The declining number of physician scientists is an alarming issue. A systematic review of all existing programs described in the literature was performed, so as to highlight which programs may serve as the best models for the training of successful physician scientists. Multiple databases were searched, and 1,294 articles related to physician scientist training were identified. Preference was given to studies that looked at number of confirmed publications and/or research grants as primary outcomes. Thirteen programs were identified in nine studies. Eighty-three percent of Medical Scientist Training Program (MSTP) graduates, 77% of Clinician Investigator Training Program (CI) graduates, and only 16% of Medical Fellows Program graduates entered a career in academics. Seventy-eight percent of MSTP graduates succeeded in obtaining National Institute of Health (NIH) grants, while only 15% of Mayo Clinic National Research Service Award-T32 graduates obtained NIH grants. MSTP physician scientists who graduated in 1990 had 13.5 ± 12.5 publications, while MSTP physician scientists who graduated in 1975 had 51.2 ± 38.3 publications. Additionally, graduates from the Mayo Clinic’s MD-PhD Program, the CI Program, and the NSRA Program had 18.2 ± 20.1, 26.5 ± 24.5, and 17.9 ± 26.3 publications, respectively. MSTP is a successful model for the training of physician scientists in the United States, but training at the postgraduate level also shows promising outcomes. An increase in the number of positions available for training at the postgraduate level should be considered.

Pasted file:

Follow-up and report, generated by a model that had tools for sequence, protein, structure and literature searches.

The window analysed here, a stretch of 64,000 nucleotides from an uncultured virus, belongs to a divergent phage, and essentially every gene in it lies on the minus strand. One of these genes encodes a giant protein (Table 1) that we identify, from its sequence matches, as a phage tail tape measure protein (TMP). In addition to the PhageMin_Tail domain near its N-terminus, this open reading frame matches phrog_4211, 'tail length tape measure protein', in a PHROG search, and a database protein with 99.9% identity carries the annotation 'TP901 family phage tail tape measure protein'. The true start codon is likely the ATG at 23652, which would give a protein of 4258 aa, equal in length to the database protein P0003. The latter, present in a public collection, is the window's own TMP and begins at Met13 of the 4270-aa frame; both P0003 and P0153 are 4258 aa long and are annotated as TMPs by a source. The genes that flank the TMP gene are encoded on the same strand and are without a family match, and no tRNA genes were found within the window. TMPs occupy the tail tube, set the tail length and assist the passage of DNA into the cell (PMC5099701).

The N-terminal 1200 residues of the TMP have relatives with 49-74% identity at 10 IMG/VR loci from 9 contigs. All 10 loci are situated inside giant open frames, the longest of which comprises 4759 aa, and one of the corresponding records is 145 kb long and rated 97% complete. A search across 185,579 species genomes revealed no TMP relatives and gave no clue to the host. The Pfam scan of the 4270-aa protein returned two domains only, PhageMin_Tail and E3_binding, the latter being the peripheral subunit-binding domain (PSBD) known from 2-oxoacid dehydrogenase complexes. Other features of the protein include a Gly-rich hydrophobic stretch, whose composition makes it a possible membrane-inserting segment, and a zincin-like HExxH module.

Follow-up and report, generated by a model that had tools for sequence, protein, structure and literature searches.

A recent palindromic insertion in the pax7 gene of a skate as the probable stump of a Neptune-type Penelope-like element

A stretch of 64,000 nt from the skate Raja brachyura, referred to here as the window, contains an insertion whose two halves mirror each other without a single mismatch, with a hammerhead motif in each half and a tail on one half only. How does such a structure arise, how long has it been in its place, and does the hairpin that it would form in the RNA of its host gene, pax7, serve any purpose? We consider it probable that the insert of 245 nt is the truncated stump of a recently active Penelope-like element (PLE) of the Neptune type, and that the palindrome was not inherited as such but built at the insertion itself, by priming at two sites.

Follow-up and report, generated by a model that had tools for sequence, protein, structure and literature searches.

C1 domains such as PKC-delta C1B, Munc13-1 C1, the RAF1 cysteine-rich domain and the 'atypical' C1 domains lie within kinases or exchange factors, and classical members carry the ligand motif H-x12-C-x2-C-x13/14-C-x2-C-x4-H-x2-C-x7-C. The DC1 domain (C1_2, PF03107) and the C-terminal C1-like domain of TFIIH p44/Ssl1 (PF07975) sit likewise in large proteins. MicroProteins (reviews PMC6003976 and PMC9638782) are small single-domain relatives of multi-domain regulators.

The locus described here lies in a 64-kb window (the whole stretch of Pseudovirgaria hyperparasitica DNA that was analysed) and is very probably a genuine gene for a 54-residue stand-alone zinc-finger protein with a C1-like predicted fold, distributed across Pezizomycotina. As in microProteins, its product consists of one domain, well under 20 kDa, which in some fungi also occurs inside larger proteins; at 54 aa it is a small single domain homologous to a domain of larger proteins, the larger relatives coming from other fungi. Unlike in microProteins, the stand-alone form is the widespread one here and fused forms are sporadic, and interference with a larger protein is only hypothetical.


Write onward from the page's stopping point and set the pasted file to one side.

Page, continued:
- Clinician Investigator Training Program (CI)
- Medical Scientist Training Program (MSTP)
- physician scientist